Charles E. Burchfield in his own words Share Tweet

 
Charles E. Burchfield (1893-1967), Glory of Spring (Radiant Spring), 1950; Watercolor on paper, 40 1/8 x 29 ¾ inches; Parrish Art Museum, Southampton, New York. Gift of Mr. and Mrs. Alfred Corning Clark, 1959

Charles E. Burchfield (1893-1967), Glory of Spring (Radiant Spring), 1950; Watercolor on paper, 40 1/8 x 29 ¾ inches; Parrish Art Museum, Southampton, New York. Gift of Mr. and Mrs. Alfred Corning Clark, 1959

Charles E. Burchfield's Dreams, Journals, April 14, 1956

Sunday, April 14, 2019

April 14 – Sat.

Bertha and I on our annual Hepatica pilgrimage. A clear sunny day, ideal for our trip, mild weather with just a faint tinge of chill.

First to the Hepatica Hollow, where we tried without much success to ignore destruction of this idyllic spot but the cutting down of trees, and the resultant [unintelligible word] mess of branches etc. – Hepaticas in their prime and we chattered over them like children – Dug up the choice plants –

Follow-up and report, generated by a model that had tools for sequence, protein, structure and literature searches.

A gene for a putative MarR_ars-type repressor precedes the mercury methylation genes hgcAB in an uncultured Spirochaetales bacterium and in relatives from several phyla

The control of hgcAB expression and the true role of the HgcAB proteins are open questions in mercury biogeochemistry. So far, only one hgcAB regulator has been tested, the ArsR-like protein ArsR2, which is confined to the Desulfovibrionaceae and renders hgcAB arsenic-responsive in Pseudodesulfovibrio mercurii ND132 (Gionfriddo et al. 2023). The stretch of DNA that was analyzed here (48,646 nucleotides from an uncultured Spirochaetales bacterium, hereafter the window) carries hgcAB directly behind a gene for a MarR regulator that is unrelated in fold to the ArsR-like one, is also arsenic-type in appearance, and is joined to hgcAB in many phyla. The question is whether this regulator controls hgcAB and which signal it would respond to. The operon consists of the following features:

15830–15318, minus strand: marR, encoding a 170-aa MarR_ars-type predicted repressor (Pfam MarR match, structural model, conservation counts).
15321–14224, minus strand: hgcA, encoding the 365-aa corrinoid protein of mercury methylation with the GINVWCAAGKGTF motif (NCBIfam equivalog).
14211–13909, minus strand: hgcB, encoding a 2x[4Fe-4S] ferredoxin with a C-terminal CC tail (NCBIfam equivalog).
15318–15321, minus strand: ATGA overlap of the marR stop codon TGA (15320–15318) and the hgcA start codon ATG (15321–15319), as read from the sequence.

Then on towards the Hepatica Hill, thru Springville. It suddenly occurred to us we could use some food, so we decided to stop at West Valley Tearoom, if it were open. It proved to be, and the lady in charge said that while there was to be a wedding breakfast there, we would be welcome.

We had the plate luncheon, roast turkey etc. – and it was delicious. This place with its pine-wood walls, very attractive. At noon a cuckoo came out of a Bavarian clock to announce the time, followed by a tune on a music box.

The wedding party came before we left, so we hurried up a bit, so as to leave the place to them –

We had not gone far south when we came upon a road-block announcing a detour due to “bridge out” – so westward over a dusty road (the two young men in a convertible who dashed passed us enveloping us in dust) – South then on what will be the new 219, to 242 + then east. Here to our chagrin, we found the bridge that was out, and we would not have had to detour after all – So we had to retrace our route-

The Hepatica Hill worth all the trouble however – hundreds + hundreds of hepaticas – Dug up three more. I found a dead yellow birch I wanted to use for the Easter Morning picture, and Bertha insisted on going down to the car to get my sketch-book.

A leisurely trip homeward, by way of the new 219, from which we had to detour to Middle Road and then back to old 219 –

Charles E. Burchfield, Journals, April 14, 1956

 

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